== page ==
New Landscape of Policing - Home Affairs Committee Contents

Written evidence submitted by Police National Legal Database (PNLD) (NLP05)

PNLD (Police National Legal Database) is a not for profit organisation which is owned by and sits within the West Yorkshire Police estate. It must be stressed that the views expressed within this submission are not attributable to either that force or the authority.

This submission only addresses the first two questions in relation to procurement and the taking up of functions of the NPIA.


As stated above PNLD is a not for profit organisation which provides managed services in conjunction with its technology partners PDMS to the police services of England and Wales and other sectors of the criminal justice service (CJS). These services include:

—  Legal Information database and website for practitioners within the CJS.

—  Creation and dissemination of Standard Offence Wordings and Codes used within the CJS.

—  Police based Information FAQ database and website for the public and also for practitioners within the call handling arena of England and Wales and more recently Scotland.

—  National statistics database for use by police analysts and performance managers.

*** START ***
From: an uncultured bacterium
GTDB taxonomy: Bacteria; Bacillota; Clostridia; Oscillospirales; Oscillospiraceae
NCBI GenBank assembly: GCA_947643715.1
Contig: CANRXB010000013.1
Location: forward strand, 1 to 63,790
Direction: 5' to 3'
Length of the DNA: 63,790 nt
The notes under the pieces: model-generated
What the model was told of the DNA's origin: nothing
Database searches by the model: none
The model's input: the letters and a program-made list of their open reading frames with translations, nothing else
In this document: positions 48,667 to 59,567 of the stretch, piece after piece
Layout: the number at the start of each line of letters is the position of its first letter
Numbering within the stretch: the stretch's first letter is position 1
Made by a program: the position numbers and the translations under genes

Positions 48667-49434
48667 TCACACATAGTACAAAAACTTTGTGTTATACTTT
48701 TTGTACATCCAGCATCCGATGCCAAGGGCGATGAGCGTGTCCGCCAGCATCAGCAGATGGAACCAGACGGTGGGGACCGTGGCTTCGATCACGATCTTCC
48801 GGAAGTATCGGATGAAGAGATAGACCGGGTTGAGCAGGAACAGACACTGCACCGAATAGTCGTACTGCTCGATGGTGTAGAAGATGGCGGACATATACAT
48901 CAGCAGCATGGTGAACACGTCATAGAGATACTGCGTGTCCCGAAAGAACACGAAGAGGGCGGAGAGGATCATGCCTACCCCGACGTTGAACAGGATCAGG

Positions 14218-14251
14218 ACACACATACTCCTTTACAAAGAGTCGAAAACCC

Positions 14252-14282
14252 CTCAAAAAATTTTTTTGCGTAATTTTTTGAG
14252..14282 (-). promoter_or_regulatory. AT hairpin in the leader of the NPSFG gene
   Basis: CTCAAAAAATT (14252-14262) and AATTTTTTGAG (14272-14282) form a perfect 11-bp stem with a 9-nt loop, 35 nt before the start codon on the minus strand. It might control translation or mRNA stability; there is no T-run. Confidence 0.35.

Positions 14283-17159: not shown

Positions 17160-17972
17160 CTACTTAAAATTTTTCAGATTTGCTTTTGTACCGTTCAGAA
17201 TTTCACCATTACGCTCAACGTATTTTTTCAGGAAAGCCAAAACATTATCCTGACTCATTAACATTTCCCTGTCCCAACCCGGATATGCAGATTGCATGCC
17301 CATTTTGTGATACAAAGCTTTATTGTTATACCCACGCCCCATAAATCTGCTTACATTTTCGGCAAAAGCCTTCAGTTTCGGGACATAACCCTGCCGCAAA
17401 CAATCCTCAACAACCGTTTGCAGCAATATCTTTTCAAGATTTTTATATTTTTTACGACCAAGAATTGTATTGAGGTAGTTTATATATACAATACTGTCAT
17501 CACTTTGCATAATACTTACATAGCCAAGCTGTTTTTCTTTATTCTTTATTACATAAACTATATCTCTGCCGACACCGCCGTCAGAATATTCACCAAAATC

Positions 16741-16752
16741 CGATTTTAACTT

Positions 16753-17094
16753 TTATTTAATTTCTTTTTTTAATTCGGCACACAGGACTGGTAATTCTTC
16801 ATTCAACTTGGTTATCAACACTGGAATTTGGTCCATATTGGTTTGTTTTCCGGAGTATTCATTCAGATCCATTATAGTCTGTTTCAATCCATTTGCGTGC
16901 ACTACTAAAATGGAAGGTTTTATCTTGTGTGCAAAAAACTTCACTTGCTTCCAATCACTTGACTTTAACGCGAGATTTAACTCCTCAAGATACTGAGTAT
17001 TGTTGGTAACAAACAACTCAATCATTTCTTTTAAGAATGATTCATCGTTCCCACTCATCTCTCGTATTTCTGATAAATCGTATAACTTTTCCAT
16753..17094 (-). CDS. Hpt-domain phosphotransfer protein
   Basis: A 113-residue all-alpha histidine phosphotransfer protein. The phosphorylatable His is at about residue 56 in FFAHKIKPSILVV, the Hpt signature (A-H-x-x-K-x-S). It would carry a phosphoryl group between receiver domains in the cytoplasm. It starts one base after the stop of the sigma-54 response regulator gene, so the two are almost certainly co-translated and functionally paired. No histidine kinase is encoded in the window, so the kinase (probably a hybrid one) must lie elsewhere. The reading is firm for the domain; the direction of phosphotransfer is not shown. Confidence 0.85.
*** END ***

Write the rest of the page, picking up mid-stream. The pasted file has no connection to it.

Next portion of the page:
These services involve close working relationships with all police forces, ACPO, NPIA and other agencies within the CJS.

PNLD currently receive no central or external funding. As a not for profit organisation, all monies received through subscriptions are fed back into development of the current products, or the creation of new ones to assist with improving efficiency and contributing to police savings.

As an organisation we feel well placed to make comment on items 1 and 2 of the requested submission. PNLD and our technology partners have dealt with and deal with procurement departments across the police service and other government departments on a regular basis. We also work with departments within the NPIA particularly in the area of Case and Custody provision.

1.  What progress has the Government made so far, and what further steps should it take, in driving:
(a)  More effective procurement in the police service

1.1  Even though current procurement procedures are moving ahead within the police forces of England and Wales - specifically from a regional perspective, we at PNLD feel that the different structures across the country will continue to get in the way of potential collaborative projects as evidenced by PNLD's efforts to introduce a national recruitment advertising web site in 2009-10.

1.2  PNLD had for some time worked within a cost free collaborative agreement with such a site - "All Police Jobs". One force agreed to pilot the use of the site and the usage and savings were presented to ACPO and Chief's Council, APA, APACE, NPIA and the idea, in essence, was sanctioned together with the potential to take on responsibility of the "could you" site which was costing the Home Office £75k per year. However, when it came to attempting to both attract forces to the idea and move towards a procurement exercise, existing contracts and agreements, processes and procedures got in the way of moving things forward - and it is still held in abeyance.